The Ibusuki Sand Bath is a ritual in Kyushu, building on the idea of the traditional onsen and making the most of all that volcanic sand. Here's a look at what it's like to have the sand bath and how you can do it yourself. Shovels at the ready? It's time to sweat...
Japan is a land of volcanoes. Around 200 in fact. They hubble and bubble and scrubble* beneath the surface but rarely do they cause trouble. Instead, they provide photogenic landscapes, embarrass foreigners, scald skin and soothe away the aches and pains of those who climb inside them.
Allow me to explain.
Plenty of volcanoes leads to plenty of hot springs. And hot springs lead to spas and spas to medicinal bathing rituals. Enough so that over the centuries, Japan has crafted an entire way of living centred around the idea of cleanliness and bathing in a a thermal spring or onsen.
First you have to be naked. There are no exceptions allowed.
Men and women are segregated (which is one small mercy) and it pays to know that blue stands for male and red for female when you hover with uncertainty outside the changing room of your choice. If you’re staying in a hotel, you change in your room before wandering with careless abandon through the corridors wearing only a small cotton dressing gown called a yukata and a pair of “indoor shoes.”
Once undressed, you enter a communal washroom that surrounds the onsen. Hop onto an upturned plastic bucket and wash yourself thoroughly with the soap, shower hose and bowls supplied. (You are permitted to take one small flannel into the washing are. Your towel must stay behind, with the rest of your clothes.)
Thus cleansed, you can enter the hot springs...and soak...
A (nother) word of caution. Temperatures here make the hottest of baths in Britain look like a Norwegian Christmas morning ice dip. They are hot, hot, HOT. Part of me wonders whether this in fact another way of making paler skinned visitors look a little more ridiculous since the water will leave you with a striking scarlet tide mark should you sport skin as white as mine.
By that point, however, you will no longer care. Your brain will be focussing on keeping you upright after all that vasodilation, your muscles will have handed in their notice and kicked back with a pina colada, and even the staunchest of British reserves will have admitted defeat: isn’t it normal to be chatting with colleagues while naked and surrounded by steam?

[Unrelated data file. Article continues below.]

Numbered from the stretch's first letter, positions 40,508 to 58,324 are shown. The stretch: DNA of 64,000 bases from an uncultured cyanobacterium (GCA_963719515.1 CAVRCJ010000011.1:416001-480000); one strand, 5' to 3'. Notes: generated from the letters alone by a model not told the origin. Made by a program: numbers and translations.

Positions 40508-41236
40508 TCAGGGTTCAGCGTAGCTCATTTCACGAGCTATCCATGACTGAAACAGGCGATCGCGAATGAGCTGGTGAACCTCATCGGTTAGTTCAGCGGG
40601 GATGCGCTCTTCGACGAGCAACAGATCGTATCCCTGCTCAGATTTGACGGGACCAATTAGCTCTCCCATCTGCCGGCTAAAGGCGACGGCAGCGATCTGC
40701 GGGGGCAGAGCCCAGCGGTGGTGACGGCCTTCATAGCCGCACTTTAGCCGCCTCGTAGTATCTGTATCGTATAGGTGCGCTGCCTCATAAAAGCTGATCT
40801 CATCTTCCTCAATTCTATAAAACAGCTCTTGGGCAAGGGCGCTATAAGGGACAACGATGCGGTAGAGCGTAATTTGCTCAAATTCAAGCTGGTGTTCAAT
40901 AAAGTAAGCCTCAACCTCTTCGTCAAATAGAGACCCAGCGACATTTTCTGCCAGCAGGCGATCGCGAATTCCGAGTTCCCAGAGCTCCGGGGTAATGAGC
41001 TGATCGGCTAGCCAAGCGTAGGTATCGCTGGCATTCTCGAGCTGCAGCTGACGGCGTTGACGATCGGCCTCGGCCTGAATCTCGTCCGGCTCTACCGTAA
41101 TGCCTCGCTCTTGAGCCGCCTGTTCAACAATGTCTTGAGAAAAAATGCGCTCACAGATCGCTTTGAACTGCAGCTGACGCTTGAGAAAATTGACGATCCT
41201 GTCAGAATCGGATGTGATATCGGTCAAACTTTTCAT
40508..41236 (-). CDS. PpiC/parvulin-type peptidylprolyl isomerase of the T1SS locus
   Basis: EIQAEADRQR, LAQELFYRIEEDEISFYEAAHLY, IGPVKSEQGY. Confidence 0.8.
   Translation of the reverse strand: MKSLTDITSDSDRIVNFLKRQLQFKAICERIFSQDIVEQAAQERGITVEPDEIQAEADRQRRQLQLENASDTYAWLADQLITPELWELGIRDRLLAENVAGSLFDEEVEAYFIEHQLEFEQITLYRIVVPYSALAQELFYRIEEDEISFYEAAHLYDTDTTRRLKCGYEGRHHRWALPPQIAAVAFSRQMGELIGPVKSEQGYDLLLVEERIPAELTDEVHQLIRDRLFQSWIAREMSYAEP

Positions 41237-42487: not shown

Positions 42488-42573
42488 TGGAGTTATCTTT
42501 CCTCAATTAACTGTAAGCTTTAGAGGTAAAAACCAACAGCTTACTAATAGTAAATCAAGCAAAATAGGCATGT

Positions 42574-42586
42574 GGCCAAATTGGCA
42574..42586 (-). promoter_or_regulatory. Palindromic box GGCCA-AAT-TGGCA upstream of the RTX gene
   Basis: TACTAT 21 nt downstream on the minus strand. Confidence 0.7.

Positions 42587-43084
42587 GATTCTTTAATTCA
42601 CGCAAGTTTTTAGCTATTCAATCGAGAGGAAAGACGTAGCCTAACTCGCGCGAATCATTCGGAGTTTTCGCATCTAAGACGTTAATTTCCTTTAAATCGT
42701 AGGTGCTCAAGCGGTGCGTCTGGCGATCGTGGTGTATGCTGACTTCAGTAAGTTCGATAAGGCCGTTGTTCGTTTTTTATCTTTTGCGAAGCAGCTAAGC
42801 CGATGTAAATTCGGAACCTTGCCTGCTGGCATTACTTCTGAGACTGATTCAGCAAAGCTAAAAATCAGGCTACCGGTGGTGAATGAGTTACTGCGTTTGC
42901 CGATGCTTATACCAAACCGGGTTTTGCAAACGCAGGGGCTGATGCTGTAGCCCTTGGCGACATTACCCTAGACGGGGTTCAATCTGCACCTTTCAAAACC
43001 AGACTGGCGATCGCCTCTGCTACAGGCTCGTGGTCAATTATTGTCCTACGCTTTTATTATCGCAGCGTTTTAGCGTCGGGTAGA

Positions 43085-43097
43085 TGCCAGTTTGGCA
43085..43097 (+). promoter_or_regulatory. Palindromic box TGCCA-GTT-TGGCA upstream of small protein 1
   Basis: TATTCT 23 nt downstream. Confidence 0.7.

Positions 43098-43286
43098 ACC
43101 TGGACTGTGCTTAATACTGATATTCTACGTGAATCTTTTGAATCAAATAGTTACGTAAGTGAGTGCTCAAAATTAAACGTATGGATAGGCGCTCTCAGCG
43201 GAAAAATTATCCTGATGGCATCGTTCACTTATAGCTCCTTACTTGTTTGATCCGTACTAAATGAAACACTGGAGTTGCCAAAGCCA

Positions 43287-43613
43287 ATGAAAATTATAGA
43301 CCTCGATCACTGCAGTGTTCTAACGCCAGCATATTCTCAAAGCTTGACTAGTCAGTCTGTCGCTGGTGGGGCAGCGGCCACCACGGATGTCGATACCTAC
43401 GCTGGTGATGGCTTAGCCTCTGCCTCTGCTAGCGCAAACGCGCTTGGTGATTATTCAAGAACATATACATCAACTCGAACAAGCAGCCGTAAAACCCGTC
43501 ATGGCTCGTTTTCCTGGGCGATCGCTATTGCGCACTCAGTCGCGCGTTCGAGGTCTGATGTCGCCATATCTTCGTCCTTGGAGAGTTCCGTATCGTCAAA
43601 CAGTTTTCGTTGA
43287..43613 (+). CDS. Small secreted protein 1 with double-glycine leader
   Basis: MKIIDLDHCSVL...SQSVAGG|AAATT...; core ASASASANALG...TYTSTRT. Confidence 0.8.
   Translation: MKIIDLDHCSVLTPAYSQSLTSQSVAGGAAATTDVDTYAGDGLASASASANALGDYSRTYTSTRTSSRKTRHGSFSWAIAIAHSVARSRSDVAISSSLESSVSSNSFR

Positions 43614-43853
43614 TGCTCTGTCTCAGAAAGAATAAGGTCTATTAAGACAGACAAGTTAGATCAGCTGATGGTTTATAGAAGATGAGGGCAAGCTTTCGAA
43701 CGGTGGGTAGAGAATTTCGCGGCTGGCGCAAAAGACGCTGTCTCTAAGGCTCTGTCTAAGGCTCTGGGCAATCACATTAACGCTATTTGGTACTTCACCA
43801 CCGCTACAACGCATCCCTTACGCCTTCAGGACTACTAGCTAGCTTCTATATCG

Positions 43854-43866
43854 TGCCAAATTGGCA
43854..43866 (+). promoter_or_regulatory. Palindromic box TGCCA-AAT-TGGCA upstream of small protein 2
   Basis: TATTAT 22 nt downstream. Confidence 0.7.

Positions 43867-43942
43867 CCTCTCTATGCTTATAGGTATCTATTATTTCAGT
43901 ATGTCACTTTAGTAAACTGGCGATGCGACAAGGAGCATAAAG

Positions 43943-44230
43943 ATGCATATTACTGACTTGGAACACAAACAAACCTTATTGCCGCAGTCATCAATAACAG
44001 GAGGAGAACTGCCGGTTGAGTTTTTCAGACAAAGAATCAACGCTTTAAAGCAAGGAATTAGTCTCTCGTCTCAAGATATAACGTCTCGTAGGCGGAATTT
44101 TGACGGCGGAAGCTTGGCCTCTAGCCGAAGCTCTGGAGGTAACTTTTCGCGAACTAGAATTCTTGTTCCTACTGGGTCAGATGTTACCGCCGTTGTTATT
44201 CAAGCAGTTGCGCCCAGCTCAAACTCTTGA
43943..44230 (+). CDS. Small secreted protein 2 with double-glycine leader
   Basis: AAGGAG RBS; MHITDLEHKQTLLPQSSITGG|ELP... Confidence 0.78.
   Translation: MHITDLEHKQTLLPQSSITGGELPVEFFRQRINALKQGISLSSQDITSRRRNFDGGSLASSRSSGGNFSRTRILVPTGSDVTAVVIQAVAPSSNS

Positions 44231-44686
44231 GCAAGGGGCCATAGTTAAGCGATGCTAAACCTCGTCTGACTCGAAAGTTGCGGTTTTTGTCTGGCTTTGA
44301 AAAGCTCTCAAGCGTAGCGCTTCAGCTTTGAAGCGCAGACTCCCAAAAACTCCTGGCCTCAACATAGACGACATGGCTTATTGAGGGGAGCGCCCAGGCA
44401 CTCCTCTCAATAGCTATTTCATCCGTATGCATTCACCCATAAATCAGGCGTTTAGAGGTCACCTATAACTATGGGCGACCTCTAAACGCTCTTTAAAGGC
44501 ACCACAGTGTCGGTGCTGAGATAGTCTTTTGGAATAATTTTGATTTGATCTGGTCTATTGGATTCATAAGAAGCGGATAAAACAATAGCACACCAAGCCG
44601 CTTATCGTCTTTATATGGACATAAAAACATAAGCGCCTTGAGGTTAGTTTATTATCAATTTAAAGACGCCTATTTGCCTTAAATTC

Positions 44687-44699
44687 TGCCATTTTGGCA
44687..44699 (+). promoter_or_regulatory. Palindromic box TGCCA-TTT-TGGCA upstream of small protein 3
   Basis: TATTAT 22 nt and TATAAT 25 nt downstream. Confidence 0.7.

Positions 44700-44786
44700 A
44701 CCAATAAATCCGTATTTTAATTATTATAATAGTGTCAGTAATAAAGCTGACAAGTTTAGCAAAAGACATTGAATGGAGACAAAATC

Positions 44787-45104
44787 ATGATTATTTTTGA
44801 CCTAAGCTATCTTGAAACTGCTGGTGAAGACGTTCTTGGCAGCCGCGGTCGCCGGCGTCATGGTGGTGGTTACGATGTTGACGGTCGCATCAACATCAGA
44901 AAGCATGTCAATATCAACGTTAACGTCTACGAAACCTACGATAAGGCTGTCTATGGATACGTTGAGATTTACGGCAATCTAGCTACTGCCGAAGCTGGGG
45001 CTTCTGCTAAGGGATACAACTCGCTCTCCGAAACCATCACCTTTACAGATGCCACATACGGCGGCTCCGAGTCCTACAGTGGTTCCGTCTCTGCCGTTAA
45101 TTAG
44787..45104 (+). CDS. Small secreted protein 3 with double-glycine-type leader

In all seriousness,
You may (ahem) shift your perception entirely and realise what a damn fine idea this is once you’ve noticed how much better you sleep at night and what a blessed relief it is to have muscles that don’t always hurt.
Long live volcanoes, I say.
But while the idea of bathing in an onsen takes place the length and breadth of Japan, in the Ibusuki area of Kyushu they’ve another tick up their volcanic sleeve.
Yep, you repeat all the above (except you wear your yukata for the buried in sand part.) Then you wander down to the beach where a couple of guys will dig a coffin shaped space for you in the sand. You hop in, they cover you up and leave you to sweat, head poking out the ground like a translucent turnip at twilight. (The things I get up to in the name of research.)
It may interest you to know, dear readers, that I went to the wrong part of the beach the first time I tried to do this. I saw a coffin shaped dent in the sand, lay in it and waited for some guys with shovels to come along. It was cold, wet and dreadfully unpleasant.
And no one came. Not bearing shovels, at least.
The shame was not eased by the staff who bowed at me as I lay in this bleak, cement-like puddle instead of directing me to the real black sand bathing area and relieving me of my predicament.
I can only assume that they shrugged my deranged behaviour off as the kind of craziness they’ve come to expect from ghost-like foreigners with their yellow hair and big-footed ways.
As rigor mortis set in, I creaked my bones out of the damp sand and shuffled off, muttering darkly. Then I spotted the real “get buried alive” relaxation area beneath the shadows of an outdoor tent.
I lay down and the men with shovels arrived.
After fifteen or so minutes, the prickly heat and sense of heaviness across the chest had worked its magic and the men returned, scraping back the earth to set me free.
Hot, dizzy, but no doubt looking light years younger, I showered, changed my slippers again and headed to the naked plunge pool for one last superthermic soak.
As I left, silhouetted against the sea stood another lost soul who hesitated before derobing and lying down on a patch of cold, medicinally-useless, wet sand.
A breeze stood gleeful on the horizon. Menacing. Brooding. Its warmth stripped by the shadow of the volcano.
That’s the thing with volcanoes, you see. Danger waits where you least expect it.
So, too, does a sense of shame.
I travelled to Kyushu thanks to the Nagasaki Tourism Board, JTB Kyushu and KLM, whose recent flight route connecting Amsterdam to Fukuoka has opened access between Europe and Kyushu.
As usual, as always, I have complete control about what I write about here.
* – Yes, I made that word up
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